If you'll remember, everything I thought I knew about gardening was tested when I realized green beans could be grown in a windowsill. This year is all about trying new things! I started a greenhouse for the first time and had plans to grow everything myself without relying on nurseries for transplants.
Then something horrible happened....
One night, the wind whipped the greenhouse down and ripped open the entire back. I could tape it up, but it already looked pretty trashy without any tape and I decided to go another route.
I placed all the milk carton pots on the ground. At this point, I had already opened the tops on 4 of the containers and they were exposed to all the elements.
The bok choy, rhubarb and sunflowers were champs. They made it through the cold and snow without blinking. They even started to set real leaves. Some of the buckwheat got mushy, some survived. The amaranth kind of fizzled out, the leeks just started to really get growing, and the garlic chives were still MIA.
They went through the cold, the rain/snow, and of course the wind. Then it dawned on me, if they were sitting out in their pots on the ground, they were basically already "out in the garden."
They survived for 3 days out in the pots before I came to this realization. I guess I'm a slow learner...
So today I transplanted all the cold hardy plants into the garden, except the rhubarb and leeks. I am letting them get larger before I interrupt their roots. Then I went wild and planted all my other early plants.
Sugar Snap peas
Super Sugar snap peas (super...)
Buckwheat (from Whole Foods bulk bin)
American Leeks (from seed, the transplants will fill in any that do not come up or may take leading roles in some of my ornamental pots. )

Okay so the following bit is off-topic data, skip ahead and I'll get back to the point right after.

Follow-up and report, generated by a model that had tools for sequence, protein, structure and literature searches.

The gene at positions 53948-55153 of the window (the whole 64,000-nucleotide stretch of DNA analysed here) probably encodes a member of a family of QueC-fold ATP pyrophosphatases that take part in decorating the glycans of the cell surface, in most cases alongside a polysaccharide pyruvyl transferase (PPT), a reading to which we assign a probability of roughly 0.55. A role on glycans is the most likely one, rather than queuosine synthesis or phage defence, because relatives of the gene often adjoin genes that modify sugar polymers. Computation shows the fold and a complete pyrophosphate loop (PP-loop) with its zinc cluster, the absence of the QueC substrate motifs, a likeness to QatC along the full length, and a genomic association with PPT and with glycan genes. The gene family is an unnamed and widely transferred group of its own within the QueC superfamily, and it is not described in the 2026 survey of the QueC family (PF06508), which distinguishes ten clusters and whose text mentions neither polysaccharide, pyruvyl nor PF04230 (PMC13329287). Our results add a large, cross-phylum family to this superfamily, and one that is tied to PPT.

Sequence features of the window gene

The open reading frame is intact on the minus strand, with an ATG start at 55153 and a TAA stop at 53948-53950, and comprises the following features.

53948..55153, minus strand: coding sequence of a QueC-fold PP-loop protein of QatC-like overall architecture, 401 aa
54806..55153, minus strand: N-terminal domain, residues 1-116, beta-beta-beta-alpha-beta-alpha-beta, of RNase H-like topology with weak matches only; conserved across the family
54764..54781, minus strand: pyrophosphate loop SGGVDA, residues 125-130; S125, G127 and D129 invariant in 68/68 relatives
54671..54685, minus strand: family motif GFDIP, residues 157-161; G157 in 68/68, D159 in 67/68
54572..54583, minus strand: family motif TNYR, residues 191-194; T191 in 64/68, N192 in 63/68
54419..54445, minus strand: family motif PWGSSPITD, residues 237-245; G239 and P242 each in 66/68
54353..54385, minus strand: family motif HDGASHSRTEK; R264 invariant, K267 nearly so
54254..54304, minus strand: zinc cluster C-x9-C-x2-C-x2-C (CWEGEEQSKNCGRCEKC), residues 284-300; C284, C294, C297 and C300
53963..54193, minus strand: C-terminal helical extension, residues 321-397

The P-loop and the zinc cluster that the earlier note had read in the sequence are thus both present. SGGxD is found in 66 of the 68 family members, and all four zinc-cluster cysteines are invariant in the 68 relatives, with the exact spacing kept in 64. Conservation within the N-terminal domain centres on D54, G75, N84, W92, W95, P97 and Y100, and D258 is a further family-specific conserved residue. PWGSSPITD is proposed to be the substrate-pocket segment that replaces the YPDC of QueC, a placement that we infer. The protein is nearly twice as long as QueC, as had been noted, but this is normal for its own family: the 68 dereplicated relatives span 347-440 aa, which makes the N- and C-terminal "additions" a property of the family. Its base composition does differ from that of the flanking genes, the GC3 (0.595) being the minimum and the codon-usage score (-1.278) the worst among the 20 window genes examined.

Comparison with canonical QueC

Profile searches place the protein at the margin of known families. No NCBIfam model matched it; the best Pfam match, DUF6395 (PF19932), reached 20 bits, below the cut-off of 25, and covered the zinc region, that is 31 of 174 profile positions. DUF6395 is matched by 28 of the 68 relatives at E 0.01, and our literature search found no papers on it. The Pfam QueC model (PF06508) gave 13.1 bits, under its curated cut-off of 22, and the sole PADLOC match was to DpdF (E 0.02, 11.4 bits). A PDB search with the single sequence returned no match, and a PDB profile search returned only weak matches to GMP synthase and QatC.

Fordhook Swiss Chard
Dwarf Sunspot Sunflowers
Yukon Gold Potatoes
So everything early is in for 2015!!!
I also transplanted my onion chives to a new home near the blueberries and ramps. I am trying to keep some of my beds in a permaculture state and it didn't make sense for the chives to be alone amid a sea of annuals. The new garlic chives are planted right next to the onion chives. How's that for wild?
The buds on the blueberries are still shut tight, the strawberries are still dormant, and no raspberry suckers or asparagus babies have popped up. But the weather is getting warmer and it's most likely just a matter of time and a good rain before it all gets rolling.
The only pot that is still sealed up (basically, in it's own greenhouse) is my herb pot. The biggest seedlings inside are basil - a very UNhardy plant and they are still going strong.
That gives me hope that I can keep going with the milk carton greenhouses and they will be sufficient to keep my tomatoes, peppers, melons and squash safe and warm when I plant them in the next 2 weeks.
Of course, I could be wrong and all my plants could be spindly or worse....dead by mid-May when it's time to plant my warm season veggies. It's best to find out now when I can still get replacements.
My plan for next year is to build something like this:
I'll place it inside my garden beds and pull them out just as the danger of frost passes. Ideally, I would have built it already to ensure tomato success, but I need help with wood cutting so I have to wait.
Mid-April, I will plant amaranth in the garden. In the "greenhouses," I will plant yellow crookneck squash, butternut squash, polish paste tomatoes, coyote tomatoes, brandywine tomatoes, moneymaker and rutgers tomatoes, siberian tomatoes, marketmore cucumbers, pineapple tomatoes, minnesota midget canteloupe, sweet midget watermelon, king of the north and california wonder peppers
Mid-May, I will plant bachelor buttons, cosmos, bush beans, red scarlet runner beans, marigolds, basil, thyme, cilantro and various other herbs. I will also transplant all the greenhouse seedlings into their garden spots.